Review: The O.Z. #1

What’s up everyone! Welcome to Beyond The Panel. Coming at you today with talk about The O.Z. #1! From the minute this book was recommended to me, I had to give it a shot. It was not too long ago, actually about a week ago, that I had recently finished binge-watching Once Upon a Time. So this story was right up my alley. Mainly because there’s something so damn interesting about stories where they take something familiar, and run wild with the concept. They really did have me at “What if The Hurt Locker took place in The Wizard of Oz?

From the start of this first issue they grab your attention through the telling of this Dorothy’s story. Ordinarily you are used to the Dorothy who lived a pretty average life before being swept away to the land of OZ. Though this time around we are following the story of a Dorothy who is a disillusioned Iraq war veteran. This part right here was bold, and I loved how this creative team approached the angle. Mainly because of the accuracy they took to the experience one would have during the time of war. Not to mention the experience of life after. It’s not easy, and it messes with you in ways that most people can’t comprehend too. Even in spite of the way I personally feel about war, I still felt something for Dorothy as the story was leading up to her journey to OZ.

Now the re-imagining of OZ into war-torn land of the Occupied Zone was definitely a sight to behold. This creative team took everything you knew about this world and flipped it on its head. Not the same army of monkeys, not at all the same scared scarecrow, and the Tin Man was something different entirely. I enjoyed every liberty they took to make this their own vision.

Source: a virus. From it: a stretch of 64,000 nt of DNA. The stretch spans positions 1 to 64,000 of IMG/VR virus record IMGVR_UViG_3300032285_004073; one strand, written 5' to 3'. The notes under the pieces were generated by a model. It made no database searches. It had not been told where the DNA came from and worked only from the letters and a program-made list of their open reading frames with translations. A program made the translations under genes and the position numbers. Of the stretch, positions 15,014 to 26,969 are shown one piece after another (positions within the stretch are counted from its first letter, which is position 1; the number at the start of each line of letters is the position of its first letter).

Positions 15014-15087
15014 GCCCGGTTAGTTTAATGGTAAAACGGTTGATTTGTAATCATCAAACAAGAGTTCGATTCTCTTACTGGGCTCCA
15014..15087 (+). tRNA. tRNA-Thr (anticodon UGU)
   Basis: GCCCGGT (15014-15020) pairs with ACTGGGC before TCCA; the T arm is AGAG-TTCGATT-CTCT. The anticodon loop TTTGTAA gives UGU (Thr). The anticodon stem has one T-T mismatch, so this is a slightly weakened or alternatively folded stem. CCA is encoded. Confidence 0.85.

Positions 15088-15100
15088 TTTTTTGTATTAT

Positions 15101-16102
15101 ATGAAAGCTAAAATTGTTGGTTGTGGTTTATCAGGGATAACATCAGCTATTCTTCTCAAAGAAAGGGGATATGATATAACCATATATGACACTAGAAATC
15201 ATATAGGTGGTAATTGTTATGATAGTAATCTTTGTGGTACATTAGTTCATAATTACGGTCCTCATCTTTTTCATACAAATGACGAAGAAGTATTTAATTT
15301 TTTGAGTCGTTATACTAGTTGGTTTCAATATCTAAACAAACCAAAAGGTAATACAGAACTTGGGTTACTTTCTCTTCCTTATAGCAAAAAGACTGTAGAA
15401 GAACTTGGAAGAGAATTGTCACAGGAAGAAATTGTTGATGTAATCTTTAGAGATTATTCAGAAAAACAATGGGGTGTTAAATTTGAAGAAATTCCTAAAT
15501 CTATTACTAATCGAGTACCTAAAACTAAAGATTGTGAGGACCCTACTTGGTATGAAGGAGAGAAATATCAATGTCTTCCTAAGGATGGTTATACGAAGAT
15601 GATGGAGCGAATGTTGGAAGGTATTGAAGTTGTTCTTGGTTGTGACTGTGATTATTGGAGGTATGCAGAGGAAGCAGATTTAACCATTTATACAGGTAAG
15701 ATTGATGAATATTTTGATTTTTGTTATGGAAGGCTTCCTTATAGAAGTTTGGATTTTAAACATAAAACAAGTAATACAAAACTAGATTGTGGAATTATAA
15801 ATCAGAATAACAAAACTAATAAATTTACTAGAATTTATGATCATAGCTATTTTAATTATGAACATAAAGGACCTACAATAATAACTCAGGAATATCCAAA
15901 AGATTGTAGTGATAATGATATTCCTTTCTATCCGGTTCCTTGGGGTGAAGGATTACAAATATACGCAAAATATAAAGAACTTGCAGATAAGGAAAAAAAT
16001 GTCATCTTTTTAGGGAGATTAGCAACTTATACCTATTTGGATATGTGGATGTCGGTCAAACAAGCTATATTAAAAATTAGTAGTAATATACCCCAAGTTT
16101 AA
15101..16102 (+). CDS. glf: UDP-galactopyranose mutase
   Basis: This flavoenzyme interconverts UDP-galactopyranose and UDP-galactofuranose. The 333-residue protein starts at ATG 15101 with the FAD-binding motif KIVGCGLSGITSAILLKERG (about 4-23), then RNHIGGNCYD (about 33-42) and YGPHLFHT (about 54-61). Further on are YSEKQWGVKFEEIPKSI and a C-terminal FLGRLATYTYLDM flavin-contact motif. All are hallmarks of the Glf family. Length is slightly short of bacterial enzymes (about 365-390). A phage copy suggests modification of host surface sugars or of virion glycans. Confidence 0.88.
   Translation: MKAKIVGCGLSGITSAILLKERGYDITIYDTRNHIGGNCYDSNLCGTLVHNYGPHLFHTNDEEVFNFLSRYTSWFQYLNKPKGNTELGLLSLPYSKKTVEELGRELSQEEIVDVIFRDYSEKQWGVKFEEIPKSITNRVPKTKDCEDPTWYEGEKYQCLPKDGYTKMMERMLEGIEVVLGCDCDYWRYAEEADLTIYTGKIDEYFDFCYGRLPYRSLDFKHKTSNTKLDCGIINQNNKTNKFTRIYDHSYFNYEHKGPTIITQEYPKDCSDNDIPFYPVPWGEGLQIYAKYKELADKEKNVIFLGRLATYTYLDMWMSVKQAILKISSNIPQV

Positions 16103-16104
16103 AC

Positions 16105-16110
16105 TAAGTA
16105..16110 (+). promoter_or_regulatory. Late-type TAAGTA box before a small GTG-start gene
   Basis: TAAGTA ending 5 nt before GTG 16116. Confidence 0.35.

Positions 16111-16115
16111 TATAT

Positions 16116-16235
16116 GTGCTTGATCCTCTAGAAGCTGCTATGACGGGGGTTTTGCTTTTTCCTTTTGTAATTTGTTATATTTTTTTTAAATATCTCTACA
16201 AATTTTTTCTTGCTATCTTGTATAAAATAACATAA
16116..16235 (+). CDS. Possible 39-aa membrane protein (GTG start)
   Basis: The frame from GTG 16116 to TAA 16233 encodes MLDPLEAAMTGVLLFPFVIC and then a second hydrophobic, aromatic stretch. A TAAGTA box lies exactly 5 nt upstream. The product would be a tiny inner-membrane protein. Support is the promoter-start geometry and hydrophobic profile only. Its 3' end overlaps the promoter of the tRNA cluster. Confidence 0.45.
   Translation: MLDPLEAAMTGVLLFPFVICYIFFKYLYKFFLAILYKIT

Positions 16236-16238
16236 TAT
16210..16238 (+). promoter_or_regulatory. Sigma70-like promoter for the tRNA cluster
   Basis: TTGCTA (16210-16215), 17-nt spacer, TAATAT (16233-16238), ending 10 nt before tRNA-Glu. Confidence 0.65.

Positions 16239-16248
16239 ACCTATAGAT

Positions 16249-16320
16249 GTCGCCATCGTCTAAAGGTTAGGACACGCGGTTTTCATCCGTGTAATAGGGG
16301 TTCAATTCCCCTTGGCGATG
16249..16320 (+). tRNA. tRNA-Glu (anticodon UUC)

Which brings us to the journey to the O.Z., because that was quite the scene which unfolded. Especially for Dorothy’s introduction to this world. The minute she stepped foot onto the Occupied Zone, the intensity did not end there. It was fitting that she was just jumping from one battlefield into the next mentally. The perfect approach taken to also begin dissecting her mental state which only suffers when facing all the things which dig up past memories.

That said, what also left me very invested in this book was the quality work from this art team. Artists Ruben Rojas, and Whitney Cogar did an amazing job of breathing life into this world. The art was detailed, the characters were unique to this world, the colors were fitting for a war-torn land. You would expect bright colors to represent something fantastical, though the colors were chosen just right to immerse you in a grounded setting. Though this didn’t take away from what you could clearly see was magical in nature. Monkeys flying with bat wings and dropping bombs from the sky. The Tin Man now the Tin Soldier and decked out with all the things which should make an entity of his stature terrifying. I even loved the design of the big bad on the other end of the battlefield. It would have been too easy to just recreate the image of the Wicked Witch. No, they went for something a bit more inspiring of fear.

All in all, I was thoroughly impressed by the debut of The O.Z.. I had a feeling that this one was going to be full of potential and creativity, and was not let down once. There is beauty in the understanding that there is more than one way to tell these stories. And you can make something great when you allow these stories to influence your own.

The O.Z. #1




Jideobi Odunze Author

Editor for Geeked Out Nation/Beyond The Panel. Everything is permitted. #TeamCyke l #Reclaimer l #LARPer l Fantasy Geek Follow me on Twitter @Jideobi0. Email at